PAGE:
Psychrophilic Enzymes: Cool Responses to Chilly Problems

  • Frédéric Roulling
  • Florence Piette
  • Alexandre Cipolla
  • Caroline Struvay
  • Georges Feller


Most of the biotopes on Earth are permanently exposed to low temperatures. This includes the Antarctic continent, the Arctic ice floe, the permafrost, the mountain and glacier regions, and the deep-sea waters, the latter covering 70% of the planet surface. If a psychrophile is defined as an organism living permanently at temperatures close to the freezing point of water, in thermal equilibrium with the medium, this definition encompasses a large range of species from Bacteria, Archaea, and Eukaryotes. This aspect underlines that psychrophiles are numerous, taxonomically diverse, and have a widespread distribution. In these organisms, low temperatures are essential for sustained cell metabolism. Some psychrophilic bacteria grown at 4°C have doubling times close to that of Escherichia coliat 37°C. Such deep adaptation of course requires a vast array of metabolic and structural adjustments at nearly all organization levels of the cell, which begins to be understood thanks...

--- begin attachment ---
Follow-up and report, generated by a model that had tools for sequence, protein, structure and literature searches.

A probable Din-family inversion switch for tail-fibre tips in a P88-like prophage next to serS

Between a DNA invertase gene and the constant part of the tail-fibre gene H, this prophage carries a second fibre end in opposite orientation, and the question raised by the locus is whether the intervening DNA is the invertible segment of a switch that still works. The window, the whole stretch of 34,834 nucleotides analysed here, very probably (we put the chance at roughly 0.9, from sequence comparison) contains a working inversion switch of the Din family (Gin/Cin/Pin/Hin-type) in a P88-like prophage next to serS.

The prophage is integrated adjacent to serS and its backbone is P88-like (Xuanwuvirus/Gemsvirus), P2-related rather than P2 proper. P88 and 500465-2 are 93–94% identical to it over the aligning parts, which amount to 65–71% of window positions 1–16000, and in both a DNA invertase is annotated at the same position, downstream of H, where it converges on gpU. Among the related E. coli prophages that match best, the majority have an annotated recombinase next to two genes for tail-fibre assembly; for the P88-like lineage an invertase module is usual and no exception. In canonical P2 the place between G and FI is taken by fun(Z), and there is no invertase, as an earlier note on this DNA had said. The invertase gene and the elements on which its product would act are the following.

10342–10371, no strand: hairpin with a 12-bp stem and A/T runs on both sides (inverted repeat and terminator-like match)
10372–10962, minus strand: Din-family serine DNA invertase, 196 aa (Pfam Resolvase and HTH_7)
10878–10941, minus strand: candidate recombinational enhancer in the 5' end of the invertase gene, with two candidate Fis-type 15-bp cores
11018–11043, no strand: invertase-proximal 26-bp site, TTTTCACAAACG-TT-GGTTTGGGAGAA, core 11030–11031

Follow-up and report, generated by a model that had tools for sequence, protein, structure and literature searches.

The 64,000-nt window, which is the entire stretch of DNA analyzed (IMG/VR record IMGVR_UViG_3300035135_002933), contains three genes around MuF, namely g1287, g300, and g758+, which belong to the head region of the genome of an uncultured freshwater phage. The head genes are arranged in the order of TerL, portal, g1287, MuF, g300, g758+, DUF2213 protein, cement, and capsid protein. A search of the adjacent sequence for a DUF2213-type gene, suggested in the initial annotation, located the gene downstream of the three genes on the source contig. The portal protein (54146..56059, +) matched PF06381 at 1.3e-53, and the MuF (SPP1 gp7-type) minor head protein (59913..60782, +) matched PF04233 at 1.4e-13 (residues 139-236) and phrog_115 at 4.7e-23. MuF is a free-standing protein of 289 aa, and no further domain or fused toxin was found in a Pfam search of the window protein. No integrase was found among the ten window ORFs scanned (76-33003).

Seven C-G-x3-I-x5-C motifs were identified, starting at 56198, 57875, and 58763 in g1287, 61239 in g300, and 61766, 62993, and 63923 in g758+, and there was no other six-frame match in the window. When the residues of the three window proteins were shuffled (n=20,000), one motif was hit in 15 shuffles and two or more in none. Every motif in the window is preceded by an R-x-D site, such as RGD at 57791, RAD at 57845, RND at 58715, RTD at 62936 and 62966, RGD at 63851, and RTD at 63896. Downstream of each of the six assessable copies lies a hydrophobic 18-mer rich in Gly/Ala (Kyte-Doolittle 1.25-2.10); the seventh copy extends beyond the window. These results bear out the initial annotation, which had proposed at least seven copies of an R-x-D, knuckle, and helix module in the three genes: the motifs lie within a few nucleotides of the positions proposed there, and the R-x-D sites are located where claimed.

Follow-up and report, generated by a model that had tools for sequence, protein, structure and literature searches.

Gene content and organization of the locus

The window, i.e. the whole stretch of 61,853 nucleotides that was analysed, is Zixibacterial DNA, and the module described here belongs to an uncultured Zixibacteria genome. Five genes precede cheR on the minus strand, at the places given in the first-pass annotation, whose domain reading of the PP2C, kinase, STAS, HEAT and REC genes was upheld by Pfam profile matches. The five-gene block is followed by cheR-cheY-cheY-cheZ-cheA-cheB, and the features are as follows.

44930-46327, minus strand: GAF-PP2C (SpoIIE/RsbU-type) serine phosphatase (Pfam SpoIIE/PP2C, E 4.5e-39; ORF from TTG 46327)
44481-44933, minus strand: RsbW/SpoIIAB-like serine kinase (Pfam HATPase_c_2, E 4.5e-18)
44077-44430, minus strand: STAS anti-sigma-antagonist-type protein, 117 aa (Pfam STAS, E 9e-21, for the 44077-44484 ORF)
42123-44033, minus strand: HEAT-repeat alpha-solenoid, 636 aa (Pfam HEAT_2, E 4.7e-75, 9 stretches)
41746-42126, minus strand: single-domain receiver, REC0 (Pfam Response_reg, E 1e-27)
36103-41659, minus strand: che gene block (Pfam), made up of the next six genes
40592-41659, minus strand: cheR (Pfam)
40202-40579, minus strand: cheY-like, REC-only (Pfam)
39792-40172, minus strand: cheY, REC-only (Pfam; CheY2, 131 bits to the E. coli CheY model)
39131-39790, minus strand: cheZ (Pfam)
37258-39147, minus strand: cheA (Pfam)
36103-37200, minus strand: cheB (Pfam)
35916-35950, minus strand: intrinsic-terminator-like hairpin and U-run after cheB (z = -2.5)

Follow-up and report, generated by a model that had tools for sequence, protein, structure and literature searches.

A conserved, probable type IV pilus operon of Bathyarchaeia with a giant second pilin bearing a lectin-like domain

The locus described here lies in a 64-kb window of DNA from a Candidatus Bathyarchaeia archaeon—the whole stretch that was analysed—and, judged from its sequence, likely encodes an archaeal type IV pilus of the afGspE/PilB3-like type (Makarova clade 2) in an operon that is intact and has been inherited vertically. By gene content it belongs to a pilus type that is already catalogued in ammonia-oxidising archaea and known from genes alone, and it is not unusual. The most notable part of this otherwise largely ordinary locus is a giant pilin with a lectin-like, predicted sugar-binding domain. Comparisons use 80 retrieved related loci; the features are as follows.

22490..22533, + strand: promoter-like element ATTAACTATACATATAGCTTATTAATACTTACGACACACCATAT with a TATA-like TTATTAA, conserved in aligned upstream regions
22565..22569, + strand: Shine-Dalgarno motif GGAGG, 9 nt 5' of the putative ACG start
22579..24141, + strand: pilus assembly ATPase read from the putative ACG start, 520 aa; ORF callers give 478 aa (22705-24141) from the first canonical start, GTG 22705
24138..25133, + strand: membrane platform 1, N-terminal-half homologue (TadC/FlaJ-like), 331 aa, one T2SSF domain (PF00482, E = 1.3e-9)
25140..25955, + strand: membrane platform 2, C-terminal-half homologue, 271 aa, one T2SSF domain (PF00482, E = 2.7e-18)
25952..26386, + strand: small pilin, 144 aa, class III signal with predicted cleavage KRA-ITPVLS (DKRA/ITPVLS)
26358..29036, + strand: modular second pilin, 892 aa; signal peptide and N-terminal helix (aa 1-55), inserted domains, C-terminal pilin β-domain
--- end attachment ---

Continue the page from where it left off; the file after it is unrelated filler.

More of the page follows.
Thermophilic Protein Thermophilic Enzyme Psychrophilic Enzyme Mesophilic Enzyme Psychrophilic Protein 
These keywords were added by machine and not by the authors. This process is experimental and the keywords may be updated as the learning algorithm improves.



Research at the author’s laboratory was supported by the European Union, the Région wallonne (Belgium), the Fonds National de la Recherche Scientifique (Belgium), and the University of Liège. The facilities offered by the Institut Polaire Français are also acknowledged.


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Copyright information

© Springer 2011

Authors and Affiliations

  • Frédéric Roulling
    • 1
  • Florence Piette
    • 1
  • Alexandre Cipolla
    • 1
  • Caroline Struvay
    • 1
  • Georges Feller
    • 1
  1. 1.Laboratory of Biochemistry, Center for Protein EngineeringInstitute of Chemistry B6, University of LiègeLiège-Sart TilmanBelgium

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